In Mixed Catch, NF Senior Editor Linc Bedrosian spotlights a wide range of commercial fishing-related news items from coast to coast.
Friday, 26 February 2010
If the winds of change are as powerful as the ones that blew through Maine last night, fishermen may be able to convince their Congressmen to vote for House and Senate bills aiming to add flexibility to the Magnuson-Stevens Act.
Here in southern Maine alone, Thursday night's heavy rains and whipping winds led to flooded streets and plenty of downed tree limbs and power lines. The storm, which brought wind gusts topping 60 mph, left some 100,000 homes and businesses without electricity.
The blustery storm followed the more metaphorical winds that began whipping up when the fishermen's rally organized by United We Fish hit Washington, D.C., on Wednesday. We'll have plenty of rally coverage in the May issue of NF we're working on now. And check out the rally photos on our Facebook page.
Not only did the rally draw an estimated 3,000 to 5,000 commercial and recreational fishermen from all over the country, it attracted 20 lawmakers, too.
That indicates there is political support for the House and Senate bills. One reason that support is there may be because the politicians realize jobs are at stake.
Politicians may or may not understand commercial fishing. But they do understand they must keep Americans working.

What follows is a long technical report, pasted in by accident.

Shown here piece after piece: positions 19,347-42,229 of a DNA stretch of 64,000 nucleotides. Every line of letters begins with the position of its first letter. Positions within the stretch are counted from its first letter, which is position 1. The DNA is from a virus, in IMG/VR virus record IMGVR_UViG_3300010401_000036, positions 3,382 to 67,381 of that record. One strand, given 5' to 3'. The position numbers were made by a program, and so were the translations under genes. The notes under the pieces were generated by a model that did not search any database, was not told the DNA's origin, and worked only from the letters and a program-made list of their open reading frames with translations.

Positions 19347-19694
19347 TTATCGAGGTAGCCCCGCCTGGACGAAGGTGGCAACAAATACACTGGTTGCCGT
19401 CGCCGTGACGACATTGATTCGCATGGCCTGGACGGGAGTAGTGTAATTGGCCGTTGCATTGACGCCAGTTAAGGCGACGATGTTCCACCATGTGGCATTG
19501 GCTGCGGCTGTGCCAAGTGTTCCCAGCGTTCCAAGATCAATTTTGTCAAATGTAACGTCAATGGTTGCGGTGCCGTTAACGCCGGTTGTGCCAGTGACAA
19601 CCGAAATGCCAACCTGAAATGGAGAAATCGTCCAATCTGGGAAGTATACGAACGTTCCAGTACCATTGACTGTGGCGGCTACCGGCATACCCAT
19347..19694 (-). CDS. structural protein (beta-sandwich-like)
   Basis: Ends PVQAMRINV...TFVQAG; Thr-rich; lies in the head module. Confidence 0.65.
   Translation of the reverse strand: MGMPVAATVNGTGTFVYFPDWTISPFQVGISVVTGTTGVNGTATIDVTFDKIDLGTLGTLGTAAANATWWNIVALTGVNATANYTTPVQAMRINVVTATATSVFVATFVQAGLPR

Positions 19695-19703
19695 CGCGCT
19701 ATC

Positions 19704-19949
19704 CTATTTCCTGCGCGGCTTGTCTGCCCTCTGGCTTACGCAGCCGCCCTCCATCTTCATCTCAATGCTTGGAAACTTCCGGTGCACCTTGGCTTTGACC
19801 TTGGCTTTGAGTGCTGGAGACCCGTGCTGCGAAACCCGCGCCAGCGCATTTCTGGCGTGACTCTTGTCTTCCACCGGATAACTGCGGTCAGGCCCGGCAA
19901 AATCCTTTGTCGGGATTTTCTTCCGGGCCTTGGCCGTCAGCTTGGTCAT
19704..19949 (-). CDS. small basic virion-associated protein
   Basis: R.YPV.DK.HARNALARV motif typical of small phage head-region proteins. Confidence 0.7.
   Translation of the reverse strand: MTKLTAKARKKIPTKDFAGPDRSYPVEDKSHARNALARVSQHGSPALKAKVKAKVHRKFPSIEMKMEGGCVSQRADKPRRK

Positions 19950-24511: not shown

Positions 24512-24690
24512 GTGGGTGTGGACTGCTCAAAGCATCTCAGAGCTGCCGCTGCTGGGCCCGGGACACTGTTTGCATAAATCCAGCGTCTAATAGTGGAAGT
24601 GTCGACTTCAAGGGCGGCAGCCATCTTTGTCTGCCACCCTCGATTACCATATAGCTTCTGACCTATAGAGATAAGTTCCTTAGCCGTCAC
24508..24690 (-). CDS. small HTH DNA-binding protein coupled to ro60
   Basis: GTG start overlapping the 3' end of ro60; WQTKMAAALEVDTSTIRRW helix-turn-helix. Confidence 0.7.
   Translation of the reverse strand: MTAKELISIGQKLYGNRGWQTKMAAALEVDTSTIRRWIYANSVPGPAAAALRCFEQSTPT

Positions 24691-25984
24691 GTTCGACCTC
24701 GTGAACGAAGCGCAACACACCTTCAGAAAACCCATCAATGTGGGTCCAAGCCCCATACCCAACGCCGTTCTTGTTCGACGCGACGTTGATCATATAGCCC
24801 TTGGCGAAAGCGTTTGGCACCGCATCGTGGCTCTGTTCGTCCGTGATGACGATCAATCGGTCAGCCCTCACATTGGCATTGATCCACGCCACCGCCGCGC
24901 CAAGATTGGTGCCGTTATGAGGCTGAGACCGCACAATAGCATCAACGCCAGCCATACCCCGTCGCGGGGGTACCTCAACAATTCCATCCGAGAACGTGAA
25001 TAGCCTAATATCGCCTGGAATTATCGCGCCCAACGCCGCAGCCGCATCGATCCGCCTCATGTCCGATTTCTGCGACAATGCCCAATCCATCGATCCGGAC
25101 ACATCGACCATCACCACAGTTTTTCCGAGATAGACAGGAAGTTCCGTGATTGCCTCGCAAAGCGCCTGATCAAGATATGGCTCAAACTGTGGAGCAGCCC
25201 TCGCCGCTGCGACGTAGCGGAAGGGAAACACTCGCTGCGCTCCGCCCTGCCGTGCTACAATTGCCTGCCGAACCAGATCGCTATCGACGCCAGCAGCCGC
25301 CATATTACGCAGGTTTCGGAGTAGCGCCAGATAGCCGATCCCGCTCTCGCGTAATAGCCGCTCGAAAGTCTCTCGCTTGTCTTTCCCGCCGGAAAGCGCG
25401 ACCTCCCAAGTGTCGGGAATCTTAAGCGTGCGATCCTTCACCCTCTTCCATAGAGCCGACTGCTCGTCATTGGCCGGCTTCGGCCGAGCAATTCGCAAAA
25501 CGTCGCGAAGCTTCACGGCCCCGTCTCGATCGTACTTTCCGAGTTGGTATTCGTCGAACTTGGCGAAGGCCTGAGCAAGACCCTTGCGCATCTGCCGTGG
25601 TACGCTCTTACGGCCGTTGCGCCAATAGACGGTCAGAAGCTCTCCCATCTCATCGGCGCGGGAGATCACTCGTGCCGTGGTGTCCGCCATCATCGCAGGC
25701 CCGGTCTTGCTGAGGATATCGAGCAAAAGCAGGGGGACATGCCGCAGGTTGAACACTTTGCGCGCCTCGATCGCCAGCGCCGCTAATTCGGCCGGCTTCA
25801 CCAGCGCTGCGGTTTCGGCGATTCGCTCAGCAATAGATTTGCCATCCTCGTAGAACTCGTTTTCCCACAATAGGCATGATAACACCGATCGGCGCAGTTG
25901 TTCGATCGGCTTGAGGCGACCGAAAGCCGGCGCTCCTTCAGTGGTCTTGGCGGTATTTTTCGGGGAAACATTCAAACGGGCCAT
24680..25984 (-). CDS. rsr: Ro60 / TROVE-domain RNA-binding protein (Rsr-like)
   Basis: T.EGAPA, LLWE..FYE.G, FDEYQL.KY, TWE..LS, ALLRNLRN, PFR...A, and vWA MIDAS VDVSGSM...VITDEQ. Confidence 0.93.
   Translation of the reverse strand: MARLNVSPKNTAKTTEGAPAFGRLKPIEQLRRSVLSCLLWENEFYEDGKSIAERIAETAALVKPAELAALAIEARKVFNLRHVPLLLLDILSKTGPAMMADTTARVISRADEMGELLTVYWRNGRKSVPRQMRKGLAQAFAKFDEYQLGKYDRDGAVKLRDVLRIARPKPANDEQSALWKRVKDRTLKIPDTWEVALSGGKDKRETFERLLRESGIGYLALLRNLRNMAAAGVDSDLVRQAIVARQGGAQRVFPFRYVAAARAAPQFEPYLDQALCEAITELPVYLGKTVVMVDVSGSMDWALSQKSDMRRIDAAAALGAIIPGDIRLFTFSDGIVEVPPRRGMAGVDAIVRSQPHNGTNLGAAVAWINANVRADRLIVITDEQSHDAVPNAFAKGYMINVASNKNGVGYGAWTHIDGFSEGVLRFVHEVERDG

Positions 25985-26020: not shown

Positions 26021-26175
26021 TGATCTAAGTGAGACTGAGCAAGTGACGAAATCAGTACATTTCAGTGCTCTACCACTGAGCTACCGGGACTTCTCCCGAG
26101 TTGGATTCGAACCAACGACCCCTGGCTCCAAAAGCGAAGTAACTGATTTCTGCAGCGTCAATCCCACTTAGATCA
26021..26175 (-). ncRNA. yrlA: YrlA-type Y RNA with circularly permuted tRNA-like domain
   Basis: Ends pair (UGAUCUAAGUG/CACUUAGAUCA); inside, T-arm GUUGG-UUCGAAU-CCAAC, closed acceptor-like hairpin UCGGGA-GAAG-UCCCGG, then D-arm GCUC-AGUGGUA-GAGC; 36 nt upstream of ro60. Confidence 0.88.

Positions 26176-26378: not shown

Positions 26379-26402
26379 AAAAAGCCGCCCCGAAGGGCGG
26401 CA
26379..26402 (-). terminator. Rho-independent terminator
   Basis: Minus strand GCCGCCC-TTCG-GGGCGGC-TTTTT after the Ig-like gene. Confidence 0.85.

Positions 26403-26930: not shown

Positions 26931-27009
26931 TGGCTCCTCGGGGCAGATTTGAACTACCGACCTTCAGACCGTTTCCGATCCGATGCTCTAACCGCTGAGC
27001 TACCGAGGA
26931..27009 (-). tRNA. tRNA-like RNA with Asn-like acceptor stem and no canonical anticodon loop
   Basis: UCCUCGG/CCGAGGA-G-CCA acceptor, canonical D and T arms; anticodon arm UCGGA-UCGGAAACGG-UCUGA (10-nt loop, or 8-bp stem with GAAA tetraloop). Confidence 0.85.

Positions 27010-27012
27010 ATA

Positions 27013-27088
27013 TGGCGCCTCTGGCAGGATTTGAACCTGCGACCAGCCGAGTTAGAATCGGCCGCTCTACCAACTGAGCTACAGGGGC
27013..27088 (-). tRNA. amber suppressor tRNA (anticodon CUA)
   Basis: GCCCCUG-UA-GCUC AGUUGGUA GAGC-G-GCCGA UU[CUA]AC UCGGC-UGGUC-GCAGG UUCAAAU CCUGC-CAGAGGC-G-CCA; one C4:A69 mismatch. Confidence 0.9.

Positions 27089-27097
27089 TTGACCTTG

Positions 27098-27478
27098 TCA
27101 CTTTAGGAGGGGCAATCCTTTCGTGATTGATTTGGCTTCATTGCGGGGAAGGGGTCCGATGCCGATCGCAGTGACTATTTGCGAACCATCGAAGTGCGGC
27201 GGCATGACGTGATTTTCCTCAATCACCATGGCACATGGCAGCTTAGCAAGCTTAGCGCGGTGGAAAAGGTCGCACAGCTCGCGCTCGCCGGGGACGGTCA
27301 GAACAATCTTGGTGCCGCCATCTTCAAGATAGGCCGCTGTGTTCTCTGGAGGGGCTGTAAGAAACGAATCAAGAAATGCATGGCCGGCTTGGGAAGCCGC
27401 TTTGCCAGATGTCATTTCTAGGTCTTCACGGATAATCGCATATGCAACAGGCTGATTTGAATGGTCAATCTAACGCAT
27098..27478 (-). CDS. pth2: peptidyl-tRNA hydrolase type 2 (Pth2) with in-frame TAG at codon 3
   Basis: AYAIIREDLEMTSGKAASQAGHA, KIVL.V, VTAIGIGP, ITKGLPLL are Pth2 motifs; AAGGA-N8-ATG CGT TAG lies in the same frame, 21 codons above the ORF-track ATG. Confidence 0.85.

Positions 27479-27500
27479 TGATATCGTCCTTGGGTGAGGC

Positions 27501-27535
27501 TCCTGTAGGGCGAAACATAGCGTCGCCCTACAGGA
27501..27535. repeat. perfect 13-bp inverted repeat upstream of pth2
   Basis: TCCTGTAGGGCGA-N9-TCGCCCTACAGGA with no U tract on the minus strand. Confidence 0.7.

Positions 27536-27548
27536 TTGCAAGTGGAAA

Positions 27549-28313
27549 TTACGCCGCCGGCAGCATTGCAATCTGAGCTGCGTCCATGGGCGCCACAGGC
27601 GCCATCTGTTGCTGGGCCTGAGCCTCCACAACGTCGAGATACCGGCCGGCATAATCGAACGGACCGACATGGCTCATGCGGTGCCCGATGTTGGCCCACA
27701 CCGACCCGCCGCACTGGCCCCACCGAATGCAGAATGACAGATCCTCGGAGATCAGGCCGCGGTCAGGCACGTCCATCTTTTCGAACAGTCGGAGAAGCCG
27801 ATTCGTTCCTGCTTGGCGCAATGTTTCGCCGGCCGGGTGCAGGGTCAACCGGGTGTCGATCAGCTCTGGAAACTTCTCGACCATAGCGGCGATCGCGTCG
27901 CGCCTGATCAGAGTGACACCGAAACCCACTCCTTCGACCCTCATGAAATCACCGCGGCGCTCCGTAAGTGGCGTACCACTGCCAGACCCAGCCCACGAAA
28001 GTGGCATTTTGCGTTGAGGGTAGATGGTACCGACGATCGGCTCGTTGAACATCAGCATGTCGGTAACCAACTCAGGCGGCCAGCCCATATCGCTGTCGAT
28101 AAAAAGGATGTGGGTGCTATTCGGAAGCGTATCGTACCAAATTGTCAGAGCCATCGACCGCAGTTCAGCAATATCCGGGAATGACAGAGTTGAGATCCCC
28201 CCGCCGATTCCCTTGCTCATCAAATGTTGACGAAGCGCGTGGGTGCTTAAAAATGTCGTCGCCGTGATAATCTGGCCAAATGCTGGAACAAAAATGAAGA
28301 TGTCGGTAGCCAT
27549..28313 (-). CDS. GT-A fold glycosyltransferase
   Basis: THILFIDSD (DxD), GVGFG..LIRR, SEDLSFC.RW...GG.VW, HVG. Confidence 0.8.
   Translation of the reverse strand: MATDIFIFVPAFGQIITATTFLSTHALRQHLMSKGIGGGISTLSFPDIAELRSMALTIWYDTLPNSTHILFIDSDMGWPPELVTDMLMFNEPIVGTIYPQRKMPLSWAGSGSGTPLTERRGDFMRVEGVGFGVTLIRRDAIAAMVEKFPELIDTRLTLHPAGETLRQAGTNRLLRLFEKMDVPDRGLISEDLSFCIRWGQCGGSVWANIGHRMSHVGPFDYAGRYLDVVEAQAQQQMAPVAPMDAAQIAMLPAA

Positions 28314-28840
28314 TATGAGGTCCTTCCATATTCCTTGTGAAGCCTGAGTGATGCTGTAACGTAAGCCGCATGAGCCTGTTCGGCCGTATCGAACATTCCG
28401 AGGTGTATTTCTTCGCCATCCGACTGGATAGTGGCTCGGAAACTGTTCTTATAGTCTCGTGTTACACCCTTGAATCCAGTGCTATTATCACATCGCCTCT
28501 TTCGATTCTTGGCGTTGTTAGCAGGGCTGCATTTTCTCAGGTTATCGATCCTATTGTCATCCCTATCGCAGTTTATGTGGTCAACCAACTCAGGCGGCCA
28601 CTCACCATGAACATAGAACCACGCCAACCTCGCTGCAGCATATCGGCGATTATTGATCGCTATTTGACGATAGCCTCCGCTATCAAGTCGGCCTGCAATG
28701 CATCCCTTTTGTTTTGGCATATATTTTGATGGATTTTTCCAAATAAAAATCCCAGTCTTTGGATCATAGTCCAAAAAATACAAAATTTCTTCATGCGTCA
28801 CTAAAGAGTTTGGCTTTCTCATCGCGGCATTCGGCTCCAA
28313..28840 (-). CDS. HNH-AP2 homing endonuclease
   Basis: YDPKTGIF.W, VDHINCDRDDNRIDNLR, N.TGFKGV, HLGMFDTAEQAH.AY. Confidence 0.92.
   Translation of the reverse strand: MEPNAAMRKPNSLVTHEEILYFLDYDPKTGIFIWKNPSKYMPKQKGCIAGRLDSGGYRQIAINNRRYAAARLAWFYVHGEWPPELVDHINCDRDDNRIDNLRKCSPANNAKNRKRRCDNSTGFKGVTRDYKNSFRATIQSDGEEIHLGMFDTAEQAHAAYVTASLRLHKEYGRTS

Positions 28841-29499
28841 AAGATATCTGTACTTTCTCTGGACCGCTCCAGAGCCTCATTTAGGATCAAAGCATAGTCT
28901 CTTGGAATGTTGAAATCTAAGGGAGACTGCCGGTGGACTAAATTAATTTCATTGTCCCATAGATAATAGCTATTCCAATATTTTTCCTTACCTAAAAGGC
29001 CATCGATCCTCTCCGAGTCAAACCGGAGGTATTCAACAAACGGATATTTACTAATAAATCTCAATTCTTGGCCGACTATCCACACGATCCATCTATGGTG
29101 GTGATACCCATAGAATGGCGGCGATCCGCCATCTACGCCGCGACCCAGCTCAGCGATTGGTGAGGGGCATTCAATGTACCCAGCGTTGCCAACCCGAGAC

In a down economy, when political leaders are working to create jobs, it's hard to imagine them backing any policies that would unnecessarily eliminate jobs and harm coastal communities.
Now, the real post-rally work begins. Fishermen must call, e-mail or fax, their Congressmen and Senators and/or meet with them face to face — and make them commit to voting "yes" on the Flexibility in Rebuilding American Fisheries Act.
They should. After all the Flexibility in Rebuilding American Fisheries Act is really a jobs bill. The slogan was true when Bill Clinton first ran for president, and it remains true today:
It's still the economy, stupid.
And Congress shouldn't need a weatherman to know which way the wind blows.
National Fisherman Live: 1/27/15
In this episode:
Assessment: Atlantic menhaden is not overfished
Bering Sea pollock fishery casts off
Dock to Dish opens Florida’s first CSF
Second wave of disaster funds for Alaska
Fisherman lands N.C.’s largest bluefin ever
The Alaska Seafood Marketing Institute is still seeking public review and comment on the Alaska Responsible Fisheries Management Conformance Criteria (Version 1.2, September 2011). The public review and comment period, which opened on Dec. 3, 2014, runs through Monday, Feb. 3.
NOAA, in consultation with the Department of the Interior, has appointed 10 new members to the Marine Protected Areas Federal Advisory Committee. The 20-member committee is composed of individuals with diverse backgrounds and experience who advise the departments of commerce and the interior on ways to strengthen and connect the nation's MPA programs. The new members join the 10 continuing members appointed in 2012.